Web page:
That was a common theme among Sanders supporters.
Even some who thought Clinton was more experienced — or would have a better chance to beat the Republicans in the general election — felt a tug to go with the candidate they believed in.
Clinton “will have a better chance in November, frankly,” said Tom Meehan, a 68-year-old psychiatrist, after voting for the Vermont senator. “But I decided to vote for who I wanted rather than worry about November.”
Clinton voters said they knew she stood a chance of losing in New Hampshire. But they showed up to vote for her anyway, hoping that the campaign against Sanders has made her a better candidate moving forward.
“He has made her more articulate,” said Susan Saviteer, who, along with husband Peter, voted for the former secretary of state. “He forced her maybe a little left, forced her to address some issues that she might not have otherwise. I love her position on guns, and I think she might not have come out so forcefully” if Sanders had not opposed her.
New Hampshire’s live-free-or-die credo has been fertile ground for the rise of this year’s anti-establishment figures — Sanders on the left and Donald Trump on the right.
Some who turned out Tuesday said they could appreciate both men.
After leaving the Webster School polling place in north Manchester, Eugene Bowers Jr. said he had just cast his vote for Trump. “He doesn’t have big money behind him,” Bowers said. “I’m sick of the way our elections are run in this country, and it’s going to have to change.”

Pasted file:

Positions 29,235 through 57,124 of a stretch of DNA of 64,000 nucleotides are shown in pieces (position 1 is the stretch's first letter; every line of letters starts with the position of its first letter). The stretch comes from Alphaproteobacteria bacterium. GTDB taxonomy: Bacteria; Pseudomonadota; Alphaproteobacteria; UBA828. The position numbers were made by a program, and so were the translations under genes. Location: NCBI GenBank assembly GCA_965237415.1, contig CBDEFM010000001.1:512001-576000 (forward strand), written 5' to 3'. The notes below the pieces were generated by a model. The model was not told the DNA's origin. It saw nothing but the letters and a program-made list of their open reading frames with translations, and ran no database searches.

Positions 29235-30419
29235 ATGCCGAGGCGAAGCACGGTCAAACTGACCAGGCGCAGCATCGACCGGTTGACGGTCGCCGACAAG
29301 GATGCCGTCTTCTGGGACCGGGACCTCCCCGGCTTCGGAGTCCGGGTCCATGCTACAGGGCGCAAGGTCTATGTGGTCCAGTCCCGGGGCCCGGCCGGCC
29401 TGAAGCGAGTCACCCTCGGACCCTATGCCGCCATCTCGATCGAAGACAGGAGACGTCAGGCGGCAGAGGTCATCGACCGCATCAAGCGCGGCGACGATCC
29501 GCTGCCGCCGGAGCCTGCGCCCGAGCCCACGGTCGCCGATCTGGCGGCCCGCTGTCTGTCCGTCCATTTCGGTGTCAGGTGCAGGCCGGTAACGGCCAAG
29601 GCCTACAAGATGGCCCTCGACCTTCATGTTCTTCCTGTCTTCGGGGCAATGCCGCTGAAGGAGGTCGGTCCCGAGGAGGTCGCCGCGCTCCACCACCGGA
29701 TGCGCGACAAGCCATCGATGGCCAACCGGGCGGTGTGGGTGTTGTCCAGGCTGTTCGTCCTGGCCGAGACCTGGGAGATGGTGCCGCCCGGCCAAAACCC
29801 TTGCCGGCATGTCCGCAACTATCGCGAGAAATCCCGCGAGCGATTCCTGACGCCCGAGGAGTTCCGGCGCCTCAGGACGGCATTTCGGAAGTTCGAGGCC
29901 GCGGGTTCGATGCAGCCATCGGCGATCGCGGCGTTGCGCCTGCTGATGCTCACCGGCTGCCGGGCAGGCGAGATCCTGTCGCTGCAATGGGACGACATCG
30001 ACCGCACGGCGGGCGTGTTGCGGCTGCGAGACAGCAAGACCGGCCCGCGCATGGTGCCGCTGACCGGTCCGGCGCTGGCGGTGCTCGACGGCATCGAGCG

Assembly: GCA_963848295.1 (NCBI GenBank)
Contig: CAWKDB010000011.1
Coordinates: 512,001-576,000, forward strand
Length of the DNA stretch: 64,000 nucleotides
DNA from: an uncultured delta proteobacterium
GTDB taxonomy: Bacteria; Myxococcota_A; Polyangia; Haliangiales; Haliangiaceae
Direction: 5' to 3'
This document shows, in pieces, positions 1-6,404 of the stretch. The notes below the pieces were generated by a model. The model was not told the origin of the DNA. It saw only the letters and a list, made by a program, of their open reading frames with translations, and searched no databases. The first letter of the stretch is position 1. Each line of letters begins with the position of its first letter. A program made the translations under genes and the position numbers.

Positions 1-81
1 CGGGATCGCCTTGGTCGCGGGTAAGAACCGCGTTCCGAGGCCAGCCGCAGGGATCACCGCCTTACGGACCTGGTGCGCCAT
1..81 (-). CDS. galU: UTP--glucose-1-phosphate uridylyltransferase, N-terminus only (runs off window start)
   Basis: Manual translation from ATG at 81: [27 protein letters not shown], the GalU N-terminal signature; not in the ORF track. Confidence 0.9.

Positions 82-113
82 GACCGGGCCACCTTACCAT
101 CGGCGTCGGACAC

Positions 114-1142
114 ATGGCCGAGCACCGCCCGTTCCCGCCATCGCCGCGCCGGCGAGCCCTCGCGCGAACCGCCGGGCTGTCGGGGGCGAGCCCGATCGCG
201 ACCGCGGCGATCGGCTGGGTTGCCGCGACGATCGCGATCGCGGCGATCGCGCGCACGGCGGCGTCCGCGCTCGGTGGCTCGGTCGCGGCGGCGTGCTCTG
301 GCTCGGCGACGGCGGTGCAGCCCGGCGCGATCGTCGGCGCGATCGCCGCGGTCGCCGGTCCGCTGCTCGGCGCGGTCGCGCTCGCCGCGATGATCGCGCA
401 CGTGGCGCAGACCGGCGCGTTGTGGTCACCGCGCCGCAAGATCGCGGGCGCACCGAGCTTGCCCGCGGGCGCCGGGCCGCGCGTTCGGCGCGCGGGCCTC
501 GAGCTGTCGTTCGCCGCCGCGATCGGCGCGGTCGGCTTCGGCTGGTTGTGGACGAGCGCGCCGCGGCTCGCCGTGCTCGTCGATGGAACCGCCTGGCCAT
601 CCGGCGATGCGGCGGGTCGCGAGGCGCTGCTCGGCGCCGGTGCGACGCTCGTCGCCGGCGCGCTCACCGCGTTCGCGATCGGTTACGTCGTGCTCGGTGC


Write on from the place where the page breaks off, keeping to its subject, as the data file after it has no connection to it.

When it was pointed out that Sanders has used his campaign to denounce the system of financing elections, he nodded. “If the Republicans don’t get Trump in there and Sanders is in [for the Democrats], I’m voting for Sanders,” he said.
Richard Duckoff, a retired lawyer, voted for Clinton because “she can think on her feet.” But Duckoff said Trump has made a positive contribution to politics.
“I do feel that Trump has put an end to political correctness,” he said. “I don’t think it’s ever going to come back the way it was. The candidates are talking as though we’re living in the Victorian era. . . . They’re afraid to ruffle any feathers. If you’re afraid to offend anybody, you’re not going to really attract anybody, either.”
Robin Simard, who works for a software company, said she had planned to vote for New Jersey Gov. Chris Christie but had not changed her registration to participate in the Republican primary. “I ended up voting for Bernie,” she said. “Personally, I like Hillary, but there are too many questions — about stuff I can’t really talk to you about.”
Another woman, who declined to give her name, left the school after having voted for Sanders also. When asked why, she broke into song. “. . . all come to look for America,” she said, singing a few bars of the Simon and Garfunkel song that was the background music for the breakout ad by the Sanders campaign.
Dan Balz in Manchester, N.H., contributed to this report.